Forgot your harness? You can still climb safely.


Source: Various sources:
                  Ontario Rock Climbing Association - Safety Manual
                  John Long - Learn to climb series  
                  Handbook of Climbing - Allen Fyffe
                  The Mountaineering Handbook - Craig Connally


Contributed by: Marty Comiskey ( martycomiskey@yahoo.com)


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Description (limit to 200 words): I went climbing at Great Falls recently and heard some moaning 

from a member of our party - "Damn, I forgot to pack my harness." It happens to the best of us. Not 

to worry; there are ways to tie in without a harness. None of them are as comfortable (or as safe) as 

a harness, but you can still climb and salvage the day.


As an exercise, I showed them several different "solutions" - all with their particuar pros and cons.

I'm sure you can add to these "pros" and "cons" - I've only highlighted some of the main ones .There are a number of different ways to tie-in in an emergency. Here are four of the more popular/established methods.


- Easiest (and most uncomfortable) is the "old school" bowline on a coil tie in. It works, but as you can imagine not much support.

Pros - it is quick to tie in.
Cons - can be painful if you fall. Can't be used for a rappel, but you could be lowered (if somewhat painfully)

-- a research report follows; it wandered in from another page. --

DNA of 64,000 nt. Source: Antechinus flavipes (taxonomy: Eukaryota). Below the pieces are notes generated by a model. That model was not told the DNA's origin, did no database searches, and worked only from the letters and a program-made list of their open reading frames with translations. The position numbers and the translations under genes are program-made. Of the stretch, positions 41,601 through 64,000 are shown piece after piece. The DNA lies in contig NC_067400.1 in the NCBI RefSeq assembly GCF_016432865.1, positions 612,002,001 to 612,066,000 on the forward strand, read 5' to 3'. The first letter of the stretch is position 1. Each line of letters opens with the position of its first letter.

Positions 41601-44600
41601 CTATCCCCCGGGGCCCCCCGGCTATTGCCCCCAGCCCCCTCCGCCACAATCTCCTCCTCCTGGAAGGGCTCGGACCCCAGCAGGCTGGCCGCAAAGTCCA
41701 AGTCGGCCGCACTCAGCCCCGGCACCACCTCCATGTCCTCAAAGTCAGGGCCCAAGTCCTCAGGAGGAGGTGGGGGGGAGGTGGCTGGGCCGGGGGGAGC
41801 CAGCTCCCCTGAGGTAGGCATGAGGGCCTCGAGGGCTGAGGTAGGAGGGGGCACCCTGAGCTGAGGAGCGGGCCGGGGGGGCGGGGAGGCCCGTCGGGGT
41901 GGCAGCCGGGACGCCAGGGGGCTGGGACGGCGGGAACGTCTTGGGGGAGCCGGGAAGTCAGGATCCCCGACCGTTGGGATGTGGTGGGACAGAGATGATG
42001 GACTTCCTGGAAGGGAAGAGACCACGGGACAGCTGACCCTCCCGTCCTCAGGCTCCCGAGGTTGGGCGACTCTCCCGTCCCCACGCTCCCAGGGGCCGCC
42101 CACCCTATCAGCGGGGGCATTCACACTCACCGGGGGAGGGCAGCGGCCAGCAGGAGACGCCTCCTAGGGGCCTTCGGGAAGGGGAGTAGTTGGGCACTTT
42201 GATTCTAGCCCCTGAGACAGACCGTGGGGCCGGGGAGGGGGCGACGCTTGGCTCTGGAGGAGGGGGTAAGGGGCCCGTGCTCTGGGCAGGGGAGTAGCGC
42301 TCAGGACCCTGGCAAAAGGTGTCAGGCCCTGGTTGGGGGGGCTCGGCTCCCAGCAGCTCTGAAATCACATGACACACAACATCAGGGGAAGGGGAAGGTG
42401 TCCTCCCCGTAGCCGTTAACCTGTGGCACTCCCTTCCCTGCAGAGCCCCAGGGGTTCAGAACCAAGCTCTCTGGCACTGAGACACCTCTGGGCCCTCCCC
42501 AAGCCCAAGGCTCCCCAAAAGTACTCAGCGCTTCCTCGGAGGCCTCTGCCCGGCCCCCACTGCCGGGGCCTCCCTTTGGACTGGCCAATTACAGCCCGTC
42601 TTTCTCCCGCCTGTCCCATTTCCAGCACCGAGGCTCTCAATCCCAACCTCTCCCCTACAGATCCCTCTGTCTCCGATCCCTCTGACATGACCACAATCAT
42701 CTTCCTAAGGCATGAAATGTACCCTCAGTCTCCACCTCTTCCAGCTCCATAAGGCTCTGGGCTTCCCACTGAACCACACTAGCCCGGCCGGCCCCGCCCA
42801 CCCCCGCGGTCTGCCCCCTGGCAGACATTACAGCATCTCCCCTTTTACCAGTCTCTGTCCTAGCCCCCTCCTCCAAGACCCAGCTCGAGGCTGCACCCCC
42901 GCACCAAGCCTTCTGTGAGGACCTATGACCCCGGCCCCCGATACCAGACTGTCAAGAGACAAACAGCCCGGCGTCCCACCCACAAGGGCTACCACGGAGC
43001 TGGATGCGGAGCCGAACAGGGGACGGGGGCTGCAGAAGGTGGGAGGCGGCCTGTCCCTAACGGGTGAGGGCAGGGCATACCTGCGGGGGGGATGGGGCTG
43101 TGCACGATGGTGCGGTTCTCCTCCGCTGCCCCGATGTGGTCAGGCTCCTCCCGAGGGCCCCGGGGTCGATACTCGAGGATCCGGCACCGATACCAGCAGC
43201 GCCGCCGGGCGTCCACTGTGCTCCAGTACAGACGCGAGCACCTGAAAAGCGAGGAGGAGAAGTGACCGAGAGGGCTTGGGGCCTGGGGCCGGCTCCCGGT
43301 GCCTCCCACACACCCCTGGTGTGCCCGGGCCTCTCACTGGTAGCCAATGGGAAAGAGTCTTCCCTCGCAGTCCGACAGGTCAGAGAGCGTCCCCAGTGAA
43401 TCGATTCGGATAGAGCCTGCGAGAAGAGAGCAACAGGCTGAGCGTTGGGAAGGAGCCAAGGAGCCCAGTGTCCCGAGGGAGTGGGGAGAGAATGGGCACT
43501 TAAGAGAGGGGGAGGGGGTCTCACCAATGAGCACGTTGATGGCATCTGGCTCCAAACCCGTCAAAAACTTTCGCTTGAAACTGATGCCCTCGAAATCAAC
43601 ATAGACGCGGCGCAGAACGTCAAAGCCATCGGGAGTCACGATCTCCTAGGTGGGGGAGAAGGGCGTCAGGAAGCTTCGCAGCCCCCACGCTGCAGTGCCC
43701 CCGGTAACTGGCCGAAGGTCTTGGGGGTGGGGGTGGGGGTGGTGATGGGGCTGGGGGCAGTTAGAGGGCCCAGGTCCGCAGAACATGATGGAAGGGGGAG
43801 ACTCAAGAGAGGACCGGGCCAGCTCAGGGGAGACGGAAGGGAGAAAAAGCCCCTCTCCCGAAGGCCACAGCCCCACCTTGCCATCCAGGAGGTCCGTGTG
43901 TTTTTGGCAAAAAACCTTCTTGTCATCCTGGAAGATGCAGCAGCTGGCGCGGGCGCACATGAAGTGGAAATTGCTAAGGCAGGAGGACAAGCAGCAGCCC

- Diaper sling/harness uses a double length sling. Wrap it around your waist; reach down between your legs and pull up a single leg of sling and clip all three points with a locking biner, or better yet connect all three points with a short sling to avoid the possibility of cross loading the biner.

Pros - fast to tie; gives some support under thighs; can remain on climber after untying from rope; can be used for rappel.
Con's - not as comfortable as harness due to thin sling material. Depending on your size, standard double length sling may either be too long or too short making diaper harness a poor fit.


 



- A double bowline with a bight (aka Triple bowline) tied with the climbing rope gives a three loop knot that can be used for a tie in. Two of the loops go around your legs, the third loop goes over your head/shoulder to form a chest harness.

Pros - gives you decent support with a confident tie in.
Cons - rope is thin, cuts into thighs. It is more time consuming to tie and takes up several feet of the climbing rope. Can't use this set up for a rappel (but you could be lowered).
                  

 



- Another option is a make shift harness tied with webbing or seperate length of rope. Basically, you tie two overhand knots to form loops for your legs leaving a small length between them to form your crotch loop. The rest of the material is wrapped around your waist and tied to the leg loops to form the waist portion of the harness. The ends of the webbing/rope are tied off as shown. You would need approx. 25 feet of webbing or rope to tie this setup.

Pros - fairly comfortable, gives decent support, can be used for rappel, harness can stay on after untying from climbing rope.
Cons - takes some time to make rig. 
 


 

   

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